leptomorph rhizome system these arise from the lateral buds of the rhizome (Janssen
2000; Banik 2015). After reviewing the terminology, Ding etal. (1997) suggested that
only monopodial (running) bamboo possess a true rhizome (Liese and Tang 2015).
e culm is the most distinguishable upper ground part in the plant, may be arching
or erect semiscandent or scandent (Seethalakshmi etal. 1998), characterized as a hol-
low cylindrical tube divided by nodes and internodes (Chaowana 2013; Liese and Tang
2015). e culm is complimented by the branching system which is more informative at
mid position of the culm than the lower culm body (Das etal. 2008). e length of inter-
nodes appearing from the culm sheath towards the end of the growth period varies with
the species and has a stable genetic basis (Banik 2015); longer in those species in which
the growth periods begin earlier.
Two types of leaves—culm leaf and foliage leaf, which are functionally different, are
observed in bamboo (Das etal. 2008; Banik 2015). e bamboo leaf develops from a
sheath, which encircles the stems and is called a leaf-sheath. e leaf-sheath resembles a
small culm-sheath but develops a large sheath blade that functions as a proper leaf (foli-
age leaf). e green foliage leaf essentially performs photo synthesis whereas the culm
leaf protects the younger shoot. At the point of attachment of the blade of the sheath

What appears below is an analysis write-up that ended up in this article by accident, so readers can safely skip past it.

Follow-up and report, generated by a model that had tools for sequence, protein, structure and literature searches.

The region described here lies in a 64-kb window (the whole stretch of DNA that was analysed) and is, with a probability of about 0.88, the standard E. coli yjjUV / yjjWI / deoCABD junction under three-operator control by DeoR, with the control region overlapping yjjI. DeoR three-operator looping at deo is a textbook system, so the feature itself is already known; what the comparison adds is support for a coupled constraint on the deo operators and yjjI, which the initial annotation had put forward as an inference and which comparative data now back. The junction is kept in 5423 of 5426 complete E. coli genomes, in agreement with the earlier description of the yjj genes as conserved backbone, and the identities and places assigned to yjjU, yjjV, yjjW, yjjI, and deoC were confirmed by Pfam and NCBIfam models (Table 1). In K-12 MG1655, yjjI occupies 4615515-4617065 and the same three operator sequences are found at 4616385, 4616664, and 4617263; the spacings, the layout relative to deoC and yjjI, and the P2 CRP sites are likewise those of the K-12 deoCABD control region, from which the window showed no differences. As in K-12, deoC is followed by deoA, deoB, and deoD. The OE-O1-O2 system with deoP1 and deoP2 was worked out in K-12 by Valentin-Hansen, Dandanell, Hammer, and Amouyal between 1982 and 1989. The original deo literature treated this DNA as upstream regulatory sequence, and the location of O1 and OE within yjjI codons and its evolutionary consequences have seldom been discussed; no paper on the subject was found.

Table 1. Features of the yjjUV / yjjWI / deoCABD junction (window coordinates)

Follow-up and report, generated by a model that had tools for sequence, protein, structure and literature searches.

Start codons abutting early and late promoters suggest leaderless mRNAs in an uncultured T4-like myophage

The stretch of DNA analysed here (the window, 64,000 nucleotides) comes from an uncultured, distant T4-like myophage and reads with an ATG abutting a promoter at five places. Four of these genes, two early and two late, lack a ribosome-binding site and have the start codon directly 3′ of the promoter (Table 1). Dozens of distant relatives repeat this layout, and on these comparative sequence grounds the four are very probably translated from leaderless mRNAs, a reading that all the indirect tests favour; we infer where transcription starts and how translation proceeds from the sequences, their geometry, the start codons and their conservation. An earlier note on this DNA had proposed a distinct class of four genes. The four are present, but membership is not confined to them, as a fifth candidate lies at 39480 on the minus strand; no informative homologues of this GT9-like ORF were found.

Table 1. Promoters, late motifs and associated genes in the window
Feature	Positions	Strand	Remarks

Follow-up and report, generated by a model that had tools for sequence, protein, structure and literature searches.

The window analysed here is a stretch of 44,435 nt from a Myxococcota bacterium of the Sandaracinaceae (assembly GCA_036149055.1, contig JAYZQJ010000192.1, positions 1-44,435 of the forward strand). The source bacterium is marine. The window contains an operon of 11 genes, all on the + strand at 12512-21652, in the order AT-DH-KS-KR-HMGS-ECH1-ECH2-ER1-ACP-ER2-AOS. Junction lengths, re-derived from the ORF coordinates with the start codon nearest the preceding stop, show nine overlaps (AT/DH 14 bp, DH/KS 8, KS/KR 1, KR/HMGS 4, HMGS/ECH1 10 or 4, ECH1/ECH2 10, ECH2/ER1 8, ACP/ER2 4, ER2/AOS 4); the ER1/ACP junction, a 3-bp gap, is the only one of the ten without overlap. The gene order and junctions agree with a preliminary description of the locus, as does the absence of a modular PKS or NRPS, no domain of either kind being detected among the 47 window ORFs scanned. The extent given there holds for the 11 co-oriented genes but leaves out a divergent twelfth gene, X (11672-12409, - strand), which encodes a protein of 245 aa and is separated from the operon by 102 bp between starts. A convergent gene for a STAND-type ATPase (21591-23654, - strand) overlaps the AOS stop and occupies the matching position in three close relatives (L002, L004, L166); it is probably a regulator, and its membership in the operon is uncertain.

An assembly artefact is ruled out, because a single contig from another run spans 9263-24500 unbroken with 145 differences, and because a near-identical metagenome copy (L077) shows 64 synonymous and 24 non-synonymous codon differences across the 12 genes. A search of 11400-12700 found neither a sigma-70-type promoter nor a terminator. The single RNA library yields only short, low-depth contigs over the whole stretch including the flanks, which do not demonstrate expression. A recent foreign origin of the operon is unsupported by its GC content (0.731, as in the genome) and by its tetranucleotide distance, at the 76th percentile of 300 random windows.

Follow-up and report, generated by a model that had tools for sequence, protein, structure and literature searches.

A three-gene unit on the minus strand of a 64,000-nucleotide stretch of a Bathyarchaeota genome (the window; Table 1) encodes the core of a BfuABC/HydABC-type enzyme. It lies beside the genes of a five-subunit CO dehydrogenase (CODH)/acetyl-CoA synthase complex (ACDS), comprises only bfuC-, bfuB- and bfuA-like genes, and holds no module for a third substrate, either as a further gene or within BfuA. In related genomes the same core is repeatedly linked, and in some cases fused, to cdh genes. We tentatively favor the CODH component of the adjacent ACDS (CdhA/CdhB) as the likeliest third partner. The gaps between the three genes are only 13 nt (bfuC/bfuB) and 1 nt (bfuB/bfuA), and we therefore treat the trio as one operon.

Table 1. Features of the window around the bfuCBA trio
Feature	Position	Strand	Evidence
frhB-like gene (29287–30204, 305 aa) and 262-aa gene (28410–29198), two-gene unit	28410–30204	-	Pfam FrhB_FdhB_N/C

there are different combinations of features involving auricle, bristles and ligules which
are as important as the colour of the culm sheath in the identification of individual spe-
cies (Das etal. 2008; Banik 2015).
e Olyreae tribes are discerned by their rather weakly lignified culms, lack of both
well differentiated culm leaves and outer ligules; restricted vegetative branching and
Page 5 of 23
Nayak and Mishra Fashion and Textiles (2016) 3:2
unisextual spikelets on the contrary, Arundinarieae and Bambuseae tribes have a tree
like habit with highly lignified, typically hollow culms, complex rhizome systems, clearly
distinguished culm leaves, well developed aerial branching, and foliage leaf blades with
outer ligules, and bisexual spikelets (BPG 2012; Clark etal. 2015).
e sequence of flowering in bamboos varies with species and accordingly these can be
categorized into three major types namely annual, irregular (sporadic) and gregarious.
However, the majority of bamboo species (for e.g. Bambusa bambos, B. tulda, Dendro-
calamus strictus) exhibit gregarious flowering that occurs at long intervals with synchro-
nized seed production. e entire clump at one location produces flowers and then dies